Promoting Scandinavian Books in English
Roger Greenwald
This article appeared in the 2000:2 issue
In the 2000:1 issue of Swedish Book Review, readers were invited to comment on why so few Swedish books are published in English translation each year. We print here the thoughts this question aroused in Roger Greenwald, who has translated many books of poetry and prose from the Scandinavian languages into English, and teaches at the University of Toronto in Canada.

I'm writing in response to the question: Why are so few Swedish books published in English each year? I'd like to start by expanding the question: Why are so few books from the entire Scandinavian/Nordic region published in English each year? I can't claim to have a definitive answer (does anyone?), but I offer some reflections for whatever they're worth.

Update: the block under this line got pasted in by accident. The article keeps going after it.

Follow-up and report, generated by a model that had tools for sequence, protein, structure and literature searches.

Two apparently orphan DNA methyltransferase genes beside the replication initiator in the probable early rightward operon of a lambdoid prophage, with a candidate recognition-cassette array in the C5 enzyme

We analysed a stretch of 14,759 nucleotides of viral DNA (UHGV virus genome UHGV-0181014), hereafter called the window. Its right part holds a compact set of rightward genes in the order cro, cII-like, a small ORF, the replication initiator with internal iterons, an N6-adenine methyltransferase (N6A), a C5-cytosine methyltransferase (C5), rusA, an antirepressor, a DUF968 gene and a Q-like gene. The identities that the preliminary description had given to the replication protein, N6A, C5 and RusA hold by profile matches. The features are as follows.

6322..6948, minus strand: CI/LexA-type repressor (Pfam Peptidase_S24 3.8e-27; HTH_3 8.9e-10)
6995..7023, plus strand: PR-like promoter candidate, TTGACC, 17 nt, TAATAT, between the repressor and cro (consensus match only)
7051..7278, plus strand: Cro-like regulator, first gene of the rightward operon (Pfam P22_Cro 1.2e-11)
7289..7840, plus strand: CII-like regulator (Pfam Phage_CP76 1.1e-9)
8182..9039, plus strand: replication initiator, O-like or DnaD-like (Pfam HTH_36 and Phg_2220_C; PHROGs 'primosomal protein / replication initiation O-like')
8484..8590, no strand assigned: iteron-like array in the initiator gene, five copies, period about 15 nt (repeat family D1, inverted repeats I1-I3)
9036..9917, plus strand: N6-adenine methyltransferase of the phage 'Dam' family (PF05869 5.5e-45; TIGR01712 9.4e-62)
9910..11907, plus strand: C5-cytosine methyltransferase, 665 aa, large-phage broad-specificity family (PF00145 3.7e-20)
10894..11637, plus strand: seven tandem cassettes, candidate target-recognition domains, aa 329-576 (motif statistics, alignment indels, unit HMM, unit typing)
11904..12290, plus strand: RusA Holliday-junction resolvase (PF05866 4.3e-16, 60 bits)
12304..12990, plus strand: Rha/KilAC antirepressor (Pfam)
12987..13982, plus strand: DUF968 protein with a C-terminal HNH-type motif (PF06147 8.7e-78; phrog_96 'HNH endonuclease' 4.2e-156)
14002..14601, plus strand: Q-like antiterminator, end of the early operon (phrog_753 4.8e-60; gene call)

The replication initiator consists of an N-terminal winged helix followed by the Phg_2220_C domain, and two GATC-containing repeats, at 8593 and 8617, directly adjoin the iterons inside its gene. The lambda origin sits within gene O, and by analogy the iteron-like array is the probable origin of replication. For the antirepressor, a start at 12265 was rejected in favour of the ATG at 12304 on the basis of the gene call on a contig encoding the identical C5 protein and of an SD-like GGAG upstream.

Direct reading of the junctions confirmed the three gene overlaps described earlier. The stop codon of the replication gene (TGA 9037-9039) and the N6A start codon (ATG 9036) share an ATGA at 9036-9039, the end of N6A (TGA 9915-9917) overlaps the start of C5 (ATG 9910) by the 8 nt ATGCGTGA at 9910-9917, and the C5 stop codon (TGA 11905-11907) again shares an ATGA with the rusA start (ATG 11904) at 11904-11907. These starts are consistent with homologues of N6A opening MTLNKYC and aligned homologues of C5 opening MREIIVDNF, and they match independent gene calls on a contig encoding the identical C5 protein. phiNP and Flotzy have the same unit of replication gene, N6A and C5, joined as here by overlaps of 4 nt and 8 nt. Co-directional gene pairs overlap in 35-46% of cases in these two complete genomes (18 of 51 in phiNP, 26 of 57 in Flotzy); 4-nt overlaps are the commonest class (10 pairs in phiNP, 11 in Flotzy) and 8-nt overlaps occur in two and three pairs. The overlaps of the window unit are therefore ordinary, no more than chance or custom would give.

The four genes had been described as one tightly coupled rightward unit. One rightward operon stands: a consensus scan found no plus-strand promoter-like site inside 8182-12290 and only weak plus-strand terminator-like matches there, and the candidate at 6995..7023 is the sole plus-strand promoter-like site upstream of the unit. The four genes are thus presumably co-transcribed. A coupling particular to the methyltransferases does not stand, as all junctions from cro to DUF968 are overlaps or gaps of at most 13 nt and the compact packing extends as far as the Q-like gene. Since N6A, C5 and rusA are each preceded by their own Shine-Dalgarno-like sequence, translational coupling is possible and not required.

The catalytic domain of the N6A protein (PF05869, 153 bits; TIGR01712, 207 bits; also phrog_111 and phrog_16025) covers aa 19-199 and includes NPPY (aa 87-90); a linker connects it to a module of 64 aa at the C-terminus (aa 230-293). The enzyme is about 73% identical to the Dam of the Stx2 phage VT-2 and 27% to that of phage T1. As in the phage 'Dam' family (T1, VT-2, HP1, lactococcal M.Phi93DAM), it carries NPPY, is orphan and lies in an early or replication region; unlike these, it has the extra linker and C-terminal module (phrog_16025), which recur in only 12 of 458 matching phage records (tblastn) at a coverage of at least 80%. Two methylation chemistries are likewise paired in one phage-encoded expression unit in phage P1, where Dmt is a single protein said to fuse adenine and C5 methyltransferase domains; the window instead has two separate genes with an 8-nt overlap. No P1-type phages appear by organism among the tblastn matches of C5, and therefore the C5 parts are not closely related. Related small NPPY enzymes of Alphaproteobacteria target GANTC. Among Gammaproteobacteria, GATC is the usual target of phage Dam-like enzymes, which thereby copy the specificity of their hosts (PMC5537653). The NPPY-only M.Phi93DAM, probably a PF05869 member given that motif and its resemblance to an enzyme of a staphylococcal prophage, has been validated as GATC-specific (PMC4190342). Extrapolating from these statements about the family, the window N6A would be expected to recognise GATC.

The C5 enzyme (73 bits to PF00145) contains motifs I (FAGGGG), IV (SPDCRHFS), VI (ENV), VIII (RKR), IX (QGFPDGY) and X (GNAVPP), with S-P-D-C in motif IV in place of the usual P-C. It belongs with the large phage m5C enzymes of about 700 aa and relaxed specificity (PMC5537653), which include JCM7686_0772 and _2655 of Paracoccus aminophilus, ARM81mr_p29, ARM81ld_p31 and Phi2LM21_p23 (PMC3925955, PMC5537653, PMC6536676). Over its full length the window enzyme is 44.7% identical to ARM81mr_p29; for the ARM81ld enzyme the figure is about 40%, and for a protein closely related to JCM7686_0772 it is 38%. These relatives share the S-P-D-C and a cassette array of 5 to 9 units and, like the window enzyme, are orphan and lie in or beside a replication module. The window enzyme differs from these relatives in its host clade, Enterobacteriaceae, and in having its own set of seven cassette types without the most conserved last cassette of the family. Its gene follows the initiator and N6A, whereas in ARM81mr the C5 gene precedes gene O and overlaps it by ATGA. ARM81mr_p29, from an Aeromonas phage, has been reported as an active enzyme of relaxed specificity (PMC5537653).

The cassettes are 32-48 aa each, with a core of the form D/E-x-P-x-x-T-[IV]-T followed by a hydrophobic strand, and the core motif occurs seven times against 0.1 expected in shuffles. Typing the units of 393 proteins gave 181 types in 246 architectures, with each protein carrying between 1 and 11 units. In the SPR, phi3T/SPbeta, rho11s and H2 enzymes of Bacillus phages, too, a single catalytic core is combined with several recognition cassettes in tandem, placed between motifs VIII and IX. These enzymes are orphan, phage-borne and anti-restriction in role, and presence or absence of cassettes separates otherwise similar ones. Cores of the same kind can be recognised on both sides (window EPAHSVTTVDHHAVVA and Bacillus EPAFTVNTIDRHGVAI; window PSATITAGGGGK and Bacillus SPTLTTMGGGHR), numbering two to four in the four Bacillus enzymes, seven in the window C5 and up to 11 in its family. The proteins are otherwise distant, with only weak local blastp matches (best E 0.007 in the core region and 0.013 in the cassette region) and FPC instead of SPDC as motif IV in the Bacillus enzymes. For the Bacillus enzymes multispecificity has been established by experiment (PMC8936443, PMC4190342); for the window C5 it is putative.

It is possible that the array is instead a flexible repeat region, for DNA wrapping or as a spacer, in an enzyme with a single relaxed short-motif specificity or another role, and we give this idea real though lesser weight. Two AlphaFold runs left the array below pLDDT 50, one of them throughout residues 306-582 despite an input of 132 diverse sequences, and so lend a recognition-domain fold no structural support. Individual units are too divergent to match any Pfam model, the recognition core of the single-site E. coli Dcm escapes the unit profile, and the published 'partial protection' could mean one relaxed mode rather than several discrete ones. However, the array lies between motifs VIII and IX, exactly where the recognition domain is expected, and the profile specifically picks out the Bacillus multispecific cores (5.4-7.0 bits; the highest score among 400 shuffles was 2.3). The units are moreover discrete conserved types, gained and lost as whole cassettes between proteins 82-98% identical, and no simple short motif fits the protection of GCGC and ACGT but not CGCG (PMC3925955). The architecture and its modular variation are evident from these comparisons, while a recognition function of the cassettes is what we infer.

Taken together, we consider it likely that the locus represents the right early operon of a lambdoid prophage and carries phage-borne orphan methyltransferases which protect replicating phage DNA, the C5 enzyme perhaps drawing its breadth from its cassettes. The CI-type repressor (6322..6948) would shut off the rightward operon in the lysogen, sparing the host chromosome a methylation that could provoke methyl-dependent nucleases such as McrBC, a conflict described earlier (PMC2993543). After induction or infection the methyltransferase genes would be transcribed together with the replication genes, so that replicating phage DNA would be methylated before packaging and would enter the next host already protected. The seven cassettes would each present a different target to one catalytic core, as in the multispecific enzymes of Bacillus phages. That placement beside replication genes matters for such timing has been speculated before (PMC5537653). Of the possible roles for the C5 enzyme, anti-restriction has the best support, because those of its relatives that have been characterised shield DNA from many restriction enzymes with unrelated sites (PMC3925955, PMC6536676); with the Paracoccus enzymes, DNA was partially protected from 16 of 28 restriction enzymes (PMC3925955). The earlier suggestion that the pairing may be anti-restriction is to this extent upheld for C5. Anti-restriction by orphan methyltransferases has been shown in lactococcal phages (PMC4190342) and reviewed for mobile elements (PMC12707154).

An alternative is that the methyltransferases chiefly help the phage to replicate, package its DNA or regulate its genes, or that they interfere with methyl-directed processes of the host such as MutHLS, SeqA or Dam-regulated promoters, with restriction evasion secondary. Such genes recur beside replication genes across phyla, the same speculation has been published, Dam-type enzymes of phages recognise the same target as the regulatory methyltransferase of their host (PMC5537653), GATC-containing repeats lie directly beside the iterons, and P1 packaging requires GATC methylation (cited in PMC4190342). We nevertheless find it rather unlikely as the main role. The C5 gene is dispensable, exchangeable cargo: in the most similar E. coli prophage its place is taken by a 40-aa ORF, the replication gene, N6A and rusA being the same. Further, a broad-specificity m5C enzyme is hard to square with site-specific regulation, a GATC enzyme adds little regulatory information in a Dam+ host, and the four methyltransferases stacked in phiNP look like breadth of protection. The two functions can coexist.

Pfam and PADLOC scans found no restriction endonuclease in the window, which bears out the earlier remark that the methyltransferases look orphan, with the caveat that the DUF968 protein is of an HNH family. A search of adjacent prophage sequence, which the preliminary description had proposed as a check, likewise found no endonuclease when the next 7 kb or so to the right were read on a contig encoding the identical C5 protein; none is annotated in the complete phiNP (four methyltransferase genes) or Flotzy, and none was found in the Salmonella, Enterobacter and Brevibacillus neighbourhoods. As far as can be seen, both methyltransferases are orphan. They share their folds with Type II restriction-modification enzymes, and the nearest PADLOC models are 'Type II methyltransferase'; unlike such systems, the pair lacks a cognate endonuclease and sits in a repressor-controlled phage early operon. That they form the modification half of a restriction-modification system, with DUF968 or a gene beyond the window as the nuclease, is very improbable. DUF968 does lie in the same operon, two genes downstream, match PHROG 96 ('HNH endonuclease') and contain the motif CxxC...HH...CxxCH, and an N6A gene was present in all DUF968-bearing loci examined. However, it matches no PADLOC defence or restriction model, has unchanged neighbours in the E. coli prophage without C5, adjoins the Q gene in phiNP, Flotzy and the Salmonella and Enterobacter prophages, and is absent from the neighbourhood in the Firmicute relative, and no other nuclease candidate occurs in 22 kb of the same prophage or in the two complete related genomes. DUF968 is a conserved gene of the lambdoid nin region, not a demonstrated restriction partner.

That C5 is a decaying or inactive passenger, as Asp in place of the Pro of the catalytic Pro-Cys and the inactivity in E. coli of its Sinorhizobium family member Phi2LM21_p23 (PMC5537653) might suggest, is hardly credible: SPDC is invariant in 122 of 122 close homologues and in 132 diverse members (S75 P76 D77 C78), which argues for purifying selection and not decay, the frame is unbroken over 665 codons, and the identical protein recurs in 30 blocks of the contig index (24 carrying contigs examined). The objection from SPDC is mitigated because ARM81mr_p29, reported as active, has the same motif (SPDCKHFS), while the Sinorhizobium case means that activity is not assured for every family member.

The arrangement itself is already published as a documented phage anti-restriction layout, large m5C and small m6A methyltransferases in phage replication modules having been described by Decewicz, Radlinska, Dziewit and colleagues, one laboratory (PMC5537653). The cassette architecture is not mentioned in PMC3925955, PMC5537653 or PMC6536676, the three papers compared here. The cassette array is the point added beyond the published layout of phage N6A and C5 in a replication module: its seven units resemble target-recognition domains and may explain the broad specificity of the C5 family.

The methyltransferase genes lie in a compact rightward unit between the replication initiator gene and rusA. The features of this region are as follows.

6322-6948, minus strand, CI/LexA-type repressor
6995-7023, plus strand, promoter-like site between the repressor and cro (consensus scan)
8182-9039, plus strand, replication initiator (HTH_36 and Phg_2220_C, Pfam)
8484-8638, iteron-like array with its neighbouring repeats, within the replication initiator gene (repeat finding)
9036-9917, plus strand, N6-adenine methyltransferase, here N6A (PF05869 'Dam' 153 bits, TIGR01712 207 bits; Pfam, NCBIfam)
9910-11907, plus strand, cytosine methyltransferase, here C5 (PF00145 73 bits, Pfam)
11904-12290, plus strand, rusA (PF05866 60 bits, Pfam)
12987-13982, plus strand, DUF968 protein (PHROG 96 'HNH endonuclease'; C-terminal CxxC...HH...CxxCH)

The observation that far more Swedish (and Scandinavian) books are published in various European languages than in English suggests there must be something about either the English-speaking "market" or English-language publishers that is different from the market and the publishers in other countries. I'm sure that's true.

First, the English market is divided among several countries; there are very few publishers with efficient distribution in all the major English-speaking countries; and those publishers tend to be either large commercial ones that are not very interested in serious literature or anything without bestseller potential, or university presses that do not publish fiction or poetry. (I don't know to what extent Spanish publishers are set up to distribute in Latin America, but I suspect they have a more efficient arrangement than UK publishers have for distributing in the US, or vice versa - which is why rights are often divided and two publishers are needed for North America and UK. Even the Canadian/US border is a barrier, and I know an agent who specializes in dividing rights for those two countries.) I don't think I need to explain why the large commercial publishers in the US have much less interest in serious books than the small presses do. This is a fact no one is likely to change, so we must merely keep it in mind.